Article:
Air is after me now?
Have you been outside recently? It’s brutal out there.
So what is it?
Simply put, the flow of gases. Gases are a state of matter defined by a large separation between individual molecules, which usually makes them appear colorless. Winds on Earth are concerned with the flow of air. Air, which is made up of many different molecules, flows due to differences in atmospheric pressure. Like all gases, air moves from areas of high pressure to areas of low pressure. The greater this pressure difference, the stronger the wind.
Why do we get such strong winds here?
The mountains and the canyons. Canyons are essentially big, long holes in a wall of rock and are excellent at funneling wind from one end (the higher pressure side) of the canyon to another, increasing its wind speed. Canyon winds are a type of katabatic wind, where cold and dense air forms up high, like in the mountains, and then flows quickly downward into the valley.
What’s the worst time for these winds?
Early morning. Katabatic winds occur due to the cooling of the Earth overnight. High elevations cool faster, mainly because they start out colder, creating that cold and dense air mass, which flows out through the canyons in the morning. So going for a run in the morning might not be the best idea.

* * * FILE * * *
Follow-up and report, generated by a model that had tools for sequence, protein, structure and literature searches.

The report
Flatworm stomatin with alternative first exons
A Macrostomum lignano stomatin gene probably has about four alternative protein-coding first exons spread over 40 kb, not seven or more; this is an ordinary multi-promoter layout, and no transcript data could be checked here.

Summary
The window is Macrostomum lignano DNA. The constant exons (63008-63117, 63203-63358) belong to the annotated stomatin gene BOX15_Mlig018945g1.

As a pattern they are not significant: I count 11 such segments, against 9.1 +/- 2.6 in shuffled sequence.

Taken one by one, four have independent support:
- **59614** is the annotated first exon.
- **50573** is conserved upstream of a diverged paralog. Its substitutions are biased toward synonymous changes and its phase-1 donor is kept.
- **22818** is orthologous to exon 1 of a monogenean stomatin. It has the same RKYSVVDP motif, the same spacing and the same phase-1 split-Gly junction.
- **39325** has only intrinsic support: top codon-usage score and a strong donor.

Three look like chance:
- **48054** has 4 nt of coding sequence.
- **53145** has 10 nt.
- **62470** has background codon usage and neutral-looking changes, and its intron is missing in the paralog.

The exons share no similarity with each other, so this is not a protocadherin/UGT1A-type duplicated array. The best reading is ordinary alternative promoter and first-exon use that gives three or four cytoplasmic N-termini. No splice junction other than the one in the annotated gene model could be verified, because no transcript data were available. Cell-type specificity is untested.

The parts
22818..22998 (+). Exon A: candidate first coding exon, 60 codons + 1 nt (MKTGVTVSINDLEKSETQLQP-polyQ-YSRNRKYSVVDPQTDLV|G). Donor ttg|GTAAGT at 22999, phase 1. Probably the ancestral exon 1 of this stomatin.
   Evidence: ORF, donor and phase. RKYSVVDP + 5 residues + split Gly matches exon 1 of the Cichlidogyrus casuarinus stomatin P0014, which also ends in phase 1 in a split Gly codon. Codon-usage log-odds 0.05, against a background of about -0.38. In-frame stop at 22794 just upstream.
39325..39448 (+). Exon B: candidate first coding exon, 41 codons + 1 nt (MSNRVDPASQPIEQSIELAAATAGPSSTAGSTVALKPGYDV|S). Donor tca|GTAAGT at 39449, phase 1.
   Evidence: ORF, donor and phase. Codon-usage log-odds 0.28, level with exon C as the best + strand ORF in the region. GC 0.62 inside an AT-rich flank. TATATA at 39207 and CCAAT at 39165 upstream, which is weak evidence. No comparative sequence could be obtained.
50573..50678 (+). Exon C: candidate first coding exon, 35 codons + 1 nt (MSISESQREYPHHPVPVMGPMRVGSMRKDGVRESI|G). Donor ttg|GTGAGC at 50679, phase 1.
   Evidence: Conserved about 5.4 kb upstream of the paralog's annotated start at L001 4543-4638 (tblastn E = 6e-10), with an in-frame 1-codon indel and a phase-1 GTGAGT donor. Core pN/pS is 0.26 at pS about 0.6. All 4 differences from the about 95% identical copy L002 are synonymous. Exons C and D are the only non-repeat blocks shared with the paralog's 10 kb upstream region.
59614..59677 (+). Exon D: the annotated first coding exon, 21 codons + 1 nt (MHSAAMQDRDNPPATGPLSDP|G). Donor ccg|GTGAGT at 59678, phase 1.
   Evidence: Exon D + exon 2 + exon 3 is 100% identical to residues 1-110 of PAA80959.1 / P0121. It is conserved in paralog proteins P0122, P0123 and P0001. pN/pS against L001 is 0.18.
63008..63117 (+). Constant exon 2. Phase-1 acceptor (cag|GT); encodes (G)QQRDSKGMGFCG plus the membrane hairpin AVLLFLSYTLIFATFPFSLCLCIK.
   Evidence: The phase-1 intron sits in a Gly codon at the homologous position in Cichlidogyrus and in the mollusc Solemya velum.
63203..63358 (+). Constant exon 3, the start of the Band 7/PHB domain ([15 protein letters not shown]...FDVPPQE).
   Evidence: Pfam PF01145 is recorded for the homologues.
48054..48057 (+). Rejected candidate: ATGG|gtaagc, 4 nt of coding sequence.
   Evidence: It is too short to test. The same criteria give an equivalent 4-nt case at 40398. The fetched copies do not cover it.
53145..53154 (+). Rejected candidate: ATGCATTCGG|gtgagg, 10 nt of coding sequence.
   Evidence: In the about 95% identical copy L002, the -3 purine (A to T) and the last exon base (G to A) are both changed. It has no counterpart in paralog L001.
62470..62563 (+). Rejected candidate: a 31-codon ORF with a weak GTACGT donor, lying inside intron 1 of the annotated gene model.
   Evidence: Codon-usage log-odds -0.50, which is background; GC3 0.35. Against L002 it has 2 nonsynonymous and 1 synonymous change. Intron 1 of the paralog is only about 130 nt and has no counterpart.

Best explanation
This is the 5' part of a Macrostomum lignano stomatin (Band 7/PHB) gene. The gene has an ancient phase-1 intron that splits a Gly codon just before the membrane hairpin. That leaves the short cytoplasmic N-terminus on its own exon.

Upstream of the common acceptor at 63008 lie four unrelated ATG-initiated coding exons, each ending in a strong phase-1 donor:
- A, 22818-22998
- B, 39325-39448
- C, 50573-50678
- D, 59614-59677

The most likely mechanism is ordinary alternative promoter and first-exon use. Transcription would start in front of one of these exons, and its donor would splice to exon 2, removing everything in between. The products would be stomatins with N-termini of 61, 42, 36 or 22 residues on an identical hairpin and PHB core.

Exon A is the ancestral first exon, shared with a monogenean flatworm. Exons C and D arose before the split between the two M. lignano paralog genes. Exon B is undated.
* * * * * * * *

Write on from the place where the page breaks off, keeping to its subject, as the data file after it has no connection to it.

How fast do winds have to be going to cause damage?
Fairly fast. The Beaufort scale relates wind speed to its effects on sea and land. To hit a “high wind warning,” winds have to be going at least 25 mph, which is strong enough to mess up your garbage cans. Salt Lake’s average wind speed from 1996–2006 was only 8.6 mph, reaching a high of 9.8 mph in April and August, which is classified as a “gentle breeze” that keeps leaves rustling.
The strongest wind ever recorded not in a tornado was 253 mph in 1996 in Australia. Interestingly, the tropical cyclone it was associated with caused only $2 million in damages and 10 injuries.
What’s your bias?
I’ve made the mistake of going for those early morning runs, and I can’t say I’ve enjoyed them much.